At a social media conference I attended last week, one of our presenters highly suggested that we check out the Tumblr page, Real-Time Marketing Sucks, for a good laugh. Unfortunately, this page hasn’t been updated since 2014, so I’m thinking about starting a petition for the owners to start it up again. Any takers?
The phrase “real-time marketing” was largely coined in response to the winner of the 2013 Super Bowl. Do you remember who won?
**Generic stock photo of a football team.
I don’t even know which teams played that year, to be honest. 2013 was the year that Oreo’s creative genius was highly praised. When the power went out in the stadium, Oreo’s agency created this viral graphic for Twitter to capitalize on this trend.
* Tweet you’ve probably seen 1,000 times…but it is a classic.
I won’t go into any greater detail discussing this particular instance, since it’s almost “ancient history” now. I remember finding details of this “historic event” in a 2014 marketing textbook. However, I do bring it up since it did spark the “Real-Time Marketing” movement to capitalize on the popularity of current events to market your brand.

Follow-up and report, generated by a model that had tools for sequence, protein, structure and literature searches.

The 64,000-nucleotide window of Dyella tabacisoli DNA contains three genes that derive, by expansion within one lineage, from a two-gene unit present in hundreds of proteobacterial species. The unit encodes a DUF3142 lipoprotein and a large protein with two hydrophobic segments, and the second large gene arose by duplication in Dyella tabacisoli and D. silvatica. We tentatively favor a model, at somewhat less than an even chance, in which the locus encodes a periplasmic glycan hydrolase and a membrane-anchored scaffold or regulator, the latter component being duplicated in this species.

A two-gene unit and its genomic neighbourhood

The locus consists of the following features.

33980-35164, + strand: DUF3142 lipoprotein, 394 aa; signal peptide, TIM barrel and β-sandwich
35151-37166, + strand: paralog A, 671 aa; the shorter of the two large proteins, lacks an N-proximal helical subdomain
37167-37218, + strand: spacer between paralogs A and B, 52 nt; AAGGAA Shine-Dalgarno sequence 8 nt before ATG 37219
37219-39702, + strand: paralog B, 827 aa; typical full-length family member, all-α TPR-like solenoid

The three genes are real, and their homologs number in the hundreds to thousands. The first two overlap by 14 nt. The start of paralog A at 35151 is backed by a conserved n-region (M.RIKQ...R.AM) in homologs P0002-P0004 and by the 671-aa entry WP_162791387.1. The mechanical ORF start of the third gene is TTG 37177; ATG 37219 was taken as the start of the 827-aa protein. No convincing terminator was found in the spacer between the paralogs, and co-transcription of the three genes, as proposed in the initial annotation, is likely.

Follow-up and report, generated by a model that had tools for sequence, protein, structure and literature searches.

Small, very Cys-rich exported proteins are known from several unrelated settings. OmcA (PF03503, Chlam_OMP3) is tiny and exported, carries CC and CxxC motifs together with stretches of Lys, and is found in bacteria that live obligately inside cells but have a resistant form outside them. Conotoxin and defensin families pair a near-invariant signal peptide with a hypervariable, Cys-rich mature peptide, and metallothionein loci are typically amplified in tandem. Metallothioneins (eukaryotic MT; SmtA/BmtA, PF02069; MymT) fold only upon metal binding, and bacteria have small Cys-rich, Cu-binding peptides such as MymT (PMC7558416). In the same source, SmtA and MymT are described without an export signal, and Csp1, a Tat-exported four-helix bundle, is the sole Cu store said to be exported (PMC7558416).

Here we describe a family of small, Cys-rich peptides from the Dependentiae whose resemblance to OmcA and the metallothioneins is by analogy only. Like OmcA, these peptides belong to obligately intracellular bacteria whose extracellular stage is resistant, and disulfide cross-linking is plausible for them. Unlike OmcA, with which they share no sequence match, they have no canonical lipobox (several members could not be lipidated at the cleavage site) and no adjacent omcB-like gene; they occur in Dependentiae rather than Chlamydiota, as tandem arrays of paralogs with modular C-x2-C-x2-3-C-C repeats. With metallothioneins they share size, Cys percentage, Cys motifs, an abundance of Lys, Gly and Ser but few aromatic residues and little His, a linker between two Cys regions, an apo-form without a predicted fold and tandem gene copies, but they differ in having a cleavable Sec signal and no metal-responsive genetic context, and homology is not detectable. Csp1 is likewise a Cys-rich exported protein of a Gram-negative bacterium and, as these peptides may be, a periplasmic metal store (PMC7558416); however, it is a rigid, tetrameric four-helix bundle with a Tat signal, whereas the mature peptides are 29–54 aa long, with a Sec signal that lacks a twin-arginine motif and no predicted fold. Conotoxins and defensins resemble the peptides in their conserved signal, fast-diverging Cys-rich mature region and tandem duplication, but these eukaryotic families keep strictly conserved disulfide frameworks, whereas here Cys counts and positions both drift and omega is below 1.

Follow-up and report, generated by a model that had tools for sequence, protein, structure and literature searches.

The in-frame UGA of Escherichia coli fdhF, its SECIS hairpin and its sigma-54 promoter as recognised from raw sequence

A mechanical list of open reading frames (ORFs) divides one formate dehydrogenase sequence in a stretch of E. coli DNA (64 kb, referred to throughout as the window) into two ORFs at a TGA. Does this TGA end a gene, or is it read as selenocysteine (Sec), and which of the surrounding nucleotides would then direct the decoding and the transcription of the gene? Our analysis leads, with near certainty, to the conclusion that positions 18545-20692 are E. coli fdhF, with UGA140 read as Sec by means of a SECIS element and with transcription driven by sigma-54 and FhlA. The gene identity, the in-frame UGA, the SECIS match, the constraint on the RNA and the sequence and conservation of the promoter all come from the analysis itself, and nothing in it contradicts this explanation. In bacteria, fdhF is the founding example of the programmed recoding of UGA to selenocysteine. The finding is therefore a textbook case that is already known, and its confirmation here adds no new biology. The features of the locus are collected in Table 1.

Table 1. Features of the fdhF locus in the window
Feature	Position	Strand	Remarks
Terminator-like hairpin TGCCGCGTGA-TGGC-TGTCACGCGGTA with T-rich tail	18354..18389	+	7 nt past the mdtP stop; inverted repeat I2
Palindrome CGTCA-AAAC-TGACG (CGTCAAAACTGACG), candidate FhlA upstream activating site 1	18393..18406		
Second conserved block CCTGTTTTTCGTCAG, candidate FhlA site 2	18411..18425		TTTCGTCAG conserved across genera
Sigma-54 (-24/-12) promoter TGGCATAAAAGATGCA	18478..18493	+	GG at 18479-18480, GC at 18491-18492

As you’ll see while browing Real-Time Marketing Sucks, there’s a right way, and a very (VERY) wrong way to go about this “trend.”
No. Just no. Scandal (the TV show) and allergy/cold medicine? No, just no. No. Courtesy RTM Sucks.
Don’t get me wrong – it’s awesome that emerging forms of media have “opened” the doors to a more-connected world. Brands can align themselves with current or trending events and communicate with customers 24/7. However, at the “core” of it all, you have to stay relevant and true to your brand’s message. Jumping on the “bandwagon” of any trend without any sort of strategy or purpose behind it does not do your brand, or your loyal fans, any justice.